The R subunit of PKA can be successfully targeted by stimulatory cAMP analogs (like N6-benzoyl-cAMP) and inhibitory analogs (like Rp-8-Br-cAMPS). Only when two cAMP analogs, each preferring one of the two sites of R, are combined will selective activation of isozymeI or II of PKA be achieved. Isozyme selectivity is required to focus an effect on cell types expressing mainly one isozyme (e.g. type II in fat or type I in leukemia cells).

Anchoring of PKA can be abolished by competing peptides, and is an obvious target for novel, small, membrane-permeable molecules.

Epac is selectively activated by 8-CPT-2´-O-Me-cAMP. Specific inhibitors are under development.
PKA may be an unexpected target in cells exposed to proteasome inhibitors. Note that the level of R subunit can influence PKA activity even at saturating cAMP.

Activation of PKA type I and CREB-dependent transcription of Bim induces rat leukemia cell death only when cyclin-dependent protein kinase 5 (cdk5) is active. This model offers a test for modulators of PKA and cdk5.

 

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Structural Aspects of the Cyclin Dependent Kinases
Prof. Dame Louise N. Johnson,
Laboratory of Molecular Biophysics, Biochemistry Department, University of Oxford, Oxford OX1 3QU, UK and Diamond light Source, Chilton, Berks, UK.
 

Protein kinases are key components of cell signalling pathways. Defects in these processes lead to diseases such as cancer, diabetes and arthritis and hence protein kinases have become targets for drug design and therapy. We recently reviewed progress in this field with reference to kinase inhibitors that are in clinical trials or in the clinic and for which structural information is available [1]. In this talk I shall review some of our work with reference to structural studies on cell cycle protein kinases [2] and I shall expand the discussion to consider wider aspects of substrate recognition with reference to CDK2/cyclin A, CDK2/cyclin E [3], CDK7 [4] and polo-like kinase [5].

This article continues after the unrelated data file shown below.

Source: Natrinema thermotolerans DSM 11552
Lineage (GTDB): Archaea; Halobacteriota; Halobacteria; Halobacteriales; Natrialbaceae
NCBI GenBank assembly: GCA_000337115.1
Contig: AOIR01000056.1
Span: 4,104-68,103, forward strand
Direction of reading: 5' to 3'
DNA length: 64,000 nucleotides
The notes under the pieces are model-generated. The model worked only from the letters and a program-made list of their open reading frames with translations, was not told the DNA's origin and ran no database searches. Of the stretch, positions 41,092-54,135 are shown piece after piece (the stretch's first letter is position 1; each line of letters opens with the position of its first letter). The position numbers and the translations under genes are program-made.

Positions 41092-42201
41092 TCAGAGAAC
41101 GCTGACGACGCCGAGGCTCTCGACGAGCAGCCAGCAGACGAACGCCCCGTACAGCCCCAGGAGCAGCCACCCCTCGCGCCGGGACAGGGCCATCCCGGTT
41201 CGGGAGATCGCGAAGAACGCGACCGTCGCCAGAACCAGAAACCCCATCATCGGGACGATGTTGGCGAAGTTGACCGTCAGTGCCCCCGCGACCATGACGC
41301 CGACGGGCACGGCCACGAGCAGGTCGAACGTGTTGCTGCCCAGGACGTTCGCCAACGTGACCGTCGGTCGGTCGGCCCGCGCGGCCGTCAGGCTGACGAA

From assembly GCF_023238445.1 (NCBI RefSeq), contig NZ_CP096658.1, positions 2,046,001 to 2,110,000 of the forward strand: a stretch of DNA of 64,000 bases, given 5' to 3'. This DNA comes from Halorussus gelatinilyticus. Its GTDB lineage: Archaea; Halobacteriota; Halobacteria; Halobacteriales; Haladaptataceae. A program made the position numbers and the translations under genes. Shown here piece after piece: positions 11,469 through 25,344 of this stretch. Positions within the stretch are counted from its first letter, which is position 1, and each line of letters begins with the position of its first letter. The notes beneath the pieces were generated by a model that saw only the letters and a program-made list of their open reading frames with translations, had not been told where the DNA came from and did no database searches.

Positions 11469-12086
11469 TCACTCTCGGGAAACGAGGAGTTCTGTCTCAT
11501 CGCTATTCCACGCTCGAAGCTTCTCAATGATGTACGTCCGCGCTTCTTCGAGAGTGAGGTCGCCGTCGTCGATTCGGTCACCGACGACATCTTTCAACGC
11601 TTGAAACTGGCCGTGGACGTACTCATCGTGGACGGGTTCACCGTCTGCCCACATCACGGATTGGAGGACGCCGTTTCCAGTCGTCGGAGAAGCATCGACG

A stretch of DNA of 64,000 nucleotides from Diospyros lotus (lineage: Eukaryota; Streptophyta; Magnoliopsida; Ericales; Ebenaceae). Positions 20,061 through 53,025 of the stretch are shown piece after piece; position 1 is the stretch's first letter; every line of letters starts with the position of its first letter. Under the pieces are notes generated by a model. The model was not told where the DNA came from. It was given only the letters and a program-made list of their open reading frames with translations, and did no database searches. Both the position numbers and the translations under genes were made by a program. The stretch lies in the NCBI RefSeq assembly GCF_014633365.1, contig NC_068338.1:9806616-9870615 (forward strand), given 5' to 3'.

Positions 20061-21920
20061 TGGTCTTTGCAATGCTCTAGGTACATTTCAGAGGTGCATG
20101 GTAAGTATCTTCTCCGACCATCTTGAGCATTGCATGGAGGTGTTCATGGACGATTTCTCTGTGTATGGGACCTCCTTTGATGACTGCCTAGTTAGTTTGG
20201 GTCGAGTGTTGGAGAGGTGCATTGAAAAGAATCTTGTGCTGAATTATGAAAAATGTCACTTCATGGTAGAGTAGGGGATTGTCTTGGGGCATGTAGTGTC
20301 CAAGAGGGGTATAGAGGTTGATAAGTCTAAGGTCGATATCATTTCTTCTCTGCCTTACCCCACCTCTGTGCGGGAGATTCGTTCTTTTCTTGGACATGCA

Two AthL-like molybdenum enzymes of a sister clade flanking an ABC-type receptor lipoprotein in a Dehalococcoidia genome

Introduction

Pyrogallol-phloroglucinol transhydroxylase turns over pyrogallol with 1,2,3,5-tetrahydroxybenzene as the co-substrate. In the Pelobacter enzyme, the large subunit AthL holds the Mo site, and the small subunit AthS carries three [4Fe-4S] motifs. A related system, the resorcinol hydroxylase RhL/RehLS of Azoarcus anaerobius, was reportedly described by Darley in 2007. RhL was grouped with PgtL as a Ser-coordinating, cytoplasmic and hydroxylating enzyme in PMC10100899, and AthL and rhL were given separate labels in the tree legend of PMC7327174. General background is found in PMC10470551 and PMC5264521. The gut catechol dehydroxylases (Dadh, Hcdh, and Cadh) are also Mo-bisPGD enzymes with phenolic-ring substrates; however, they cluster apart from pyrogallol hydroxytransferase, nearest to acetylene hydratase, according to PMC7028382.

References:
[1] Noble, M.E., et al. Science, 2004, 303, 1800. [2] Davies, T.G., et al.. Nature Structural Biology, 2002, 9, 745. [3] Honda, R. et al., Embo J, 2005, 24, 452. [4] Lolli, G., et al., Structure (Camb), 2004, 12, 2067. [5] Cheng, K.-Y., et al. EMBO J., 2003, 22, 5757.

 

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CDK-Inhibitors: Selectivity and Cellular Mechanisms of Action
Prof. Laurent Meijer,
Cell Cycle Laboratory, Station Biologique de Roscoff, C.N.R.S., BP 74, 29682 ROSCOFF cedex, Bretagne, France
 

Cyclin-dependent kinases (CDKs) regulate the cell division cycle, apoptosis, transcription, essential neuronal functions, viral replication. CDKs and their physiological regulators show multiple abnormalities in human cancers. CDKs also regulate b-amyloid formation and tau hyperphosphorylation, two hallmarks of Alzheimer’s disease. Pharmacological inhibitors of CDKs have thus a strong potential for the treatment of cancers, neurodegenerative diseases (Alzheimer’s, Parkinson’s, Nieman-Pick type III, stroke, etc…), diabetes, viral infections, unicellular parasites. Some of our early CDK inhibitors have reached the pre-clinical and clinical stages of pharmaceutical evaluation. For instance, roscovitine (CYC202, Seliciclib), is currently undergoing phase 2 clinical trials against leukaemia, lung and breast cancers, and phase 1 trials against various kidney diseases. It is undergoing pre-clinical animal evaluation against Alzheimer’s disease stroke and Niemann-Pick’s disease type C. Other families of kinase inhibitors are currently being developed in the laboratory, such as the bis-indole indirubins.

Over 100 CDK inhibitors have been identified, among which more than forty have been co-crystallized with CDK2 or CDK5. These co-crystal structures are extremely helpful to design further derivatives with increased potency and selectivity. These kinase inhibitors all target the ATP-binding pocket of the catalytic site of their targets. The actual selectivity of most compounds, and thus the underlying mechanism of their cellular effects, is poorly known. We have developed affinity chromatography using immobilized inhibitors as a straightforward approach to identify the actual targets of kinase inhibitors. Results show that although some compounds are quite selective, single target products are very unlikely to be discovered. This may in fact turn out to be an advantage as cells are unlikely to develop resistance to multiple target drugs.

The selectivity and intracellular mechanism of action of roscovitine has been extensively studied and will be presented as a representative example of the multiple effects of CDK inhibitors in cells, tissues and organisms.